By Jørgen Skov Sørensen, Secretary General, Danmission.
SOME TIME AGO, I met Amer Ghantous, a young Christian medical doctor from Syria, who has extensive experience in the field of Christian-Muslim dialogue in the Middle East. Amer was in Denmark to speak to Danish Christians and Muslims about belonging to a religious minority in one’s home country. Amer´s message was that it is not easy. It requires a lot from him. And from those he encounters. Especially in Syria during these years. “When there is a war, dialogue and coexistence cannot be considered a luxury issue. These are basic prerequisites for life”, as he puts it.
It is characteristic of many of Danmission’s church partners globally that they belong to religious minorities in their own countries. If they aim to be part of and contribute to the society they belong to, they are regularly challenged to engage in dialogue with individuals who are non-Christian. We call it – using a rather technical expression – coexistence. Sometimes it works out well, and fruitful relationships are formed. Sometimes it does not work out well.
Coexistence requires conversation. We know that from our Danish society. In our case, a long tradition of democracy in church, school and civil society at large has taught us that conversation promotes understanding between people – that dialogue strengthens cohesion in society. We have learned that while we are far from agreeing, we can participate in discussions, establishing what are our different views and attitudes while listening attentively to our discussion partner. Conversation does not erode our views and convictions. Quite the opposite. We exchange opinions with passion. This is arguably one of the most important values we have in Denmark.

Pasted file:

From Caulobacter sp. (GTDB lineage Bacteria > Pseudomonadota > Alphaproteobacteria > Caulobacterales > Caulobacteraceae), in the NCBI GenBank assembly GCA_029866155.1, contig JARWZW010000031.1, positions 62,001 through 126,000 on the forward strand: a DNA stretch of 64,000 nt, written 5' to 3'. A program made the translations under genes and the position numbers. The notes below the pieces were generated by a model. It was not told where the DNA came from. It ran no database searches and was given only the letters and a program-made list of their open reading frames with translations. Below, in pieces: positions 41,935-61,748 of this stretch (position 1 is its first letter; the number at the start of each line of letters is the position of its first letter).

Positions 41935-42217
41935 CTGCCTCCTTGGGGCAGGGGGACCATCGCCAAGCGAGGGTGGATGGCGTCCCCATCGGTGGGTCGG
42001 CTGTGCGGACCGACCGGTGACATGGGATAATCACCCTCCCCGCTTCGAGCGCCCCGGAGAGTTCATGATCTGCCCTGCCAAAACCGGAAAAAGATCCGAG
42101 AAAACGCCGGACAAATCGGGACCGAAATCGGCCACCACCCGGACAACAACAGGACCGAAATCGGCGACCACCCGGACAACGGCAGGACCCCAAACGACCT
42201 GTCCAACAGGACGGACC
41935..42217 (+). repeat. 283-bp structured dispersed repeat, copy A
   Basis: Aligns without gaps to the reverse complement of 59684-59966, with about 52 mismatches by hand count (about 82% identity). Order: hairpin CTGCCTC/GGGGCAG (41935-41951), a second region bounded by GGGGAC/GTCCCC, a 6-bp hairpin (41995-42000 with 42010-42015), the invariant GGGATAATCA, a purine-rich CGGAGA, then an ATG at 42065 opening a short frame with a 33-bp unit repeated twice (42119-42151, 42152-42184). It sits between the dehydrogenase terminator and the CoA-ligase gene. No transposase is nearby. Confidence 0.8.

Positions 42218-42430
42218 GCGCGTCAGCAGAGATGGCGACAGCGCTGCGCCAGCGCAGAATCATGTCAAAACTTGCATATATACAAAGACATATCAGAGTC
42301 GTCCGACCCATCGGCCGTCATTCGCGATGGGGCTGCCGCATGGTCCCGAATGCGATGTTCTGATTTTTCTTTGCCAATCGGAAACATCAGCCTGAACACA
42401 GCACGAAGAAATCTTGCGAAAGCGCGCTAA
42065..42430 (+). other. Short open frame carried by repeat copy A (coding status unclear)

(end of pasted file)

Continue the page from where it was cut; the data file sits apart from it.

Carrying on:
DANMISSION IS FOUNDED on this tradition. Together with our partners around the world we aim to establish and maintain room, space and opportunities for conversation and dialogue between individuals and peoples. Inter-religious dialogue is a powerful tool, both in working with church development and poverty reduction. “But how is that related to Christian mission?” I am sometimes asked. “Is proclamation completely abandoned?”. “By no means”, is my answer.
In Danmission dialogue and proclamation are not contradictory. They are two parts of a comprehensive understanding of mission. We are not ashamed of God’s liberating manifestation through Jesus Christ claiming unconditionally the value of every human being. The Word of God must be made available everywhere always. However, it must always be in the form of dialogue: Proclamation with the same unconditional freedom. As Christians, we have been given freedom. Proclamation is to pass on this freedom. Not to deny it to others.
Committed to Christian freedom, we cannot but point to Jesus Christ – crucial to us. With boldness in words and deeds we cannot but testify to God’s love flowing through the world despite human failure and deprivation. With boldness in words and deeds we cannot but bear witness that the Holy Spirit gives hope to the hope-less, faith to the faith-less and life to the life-less.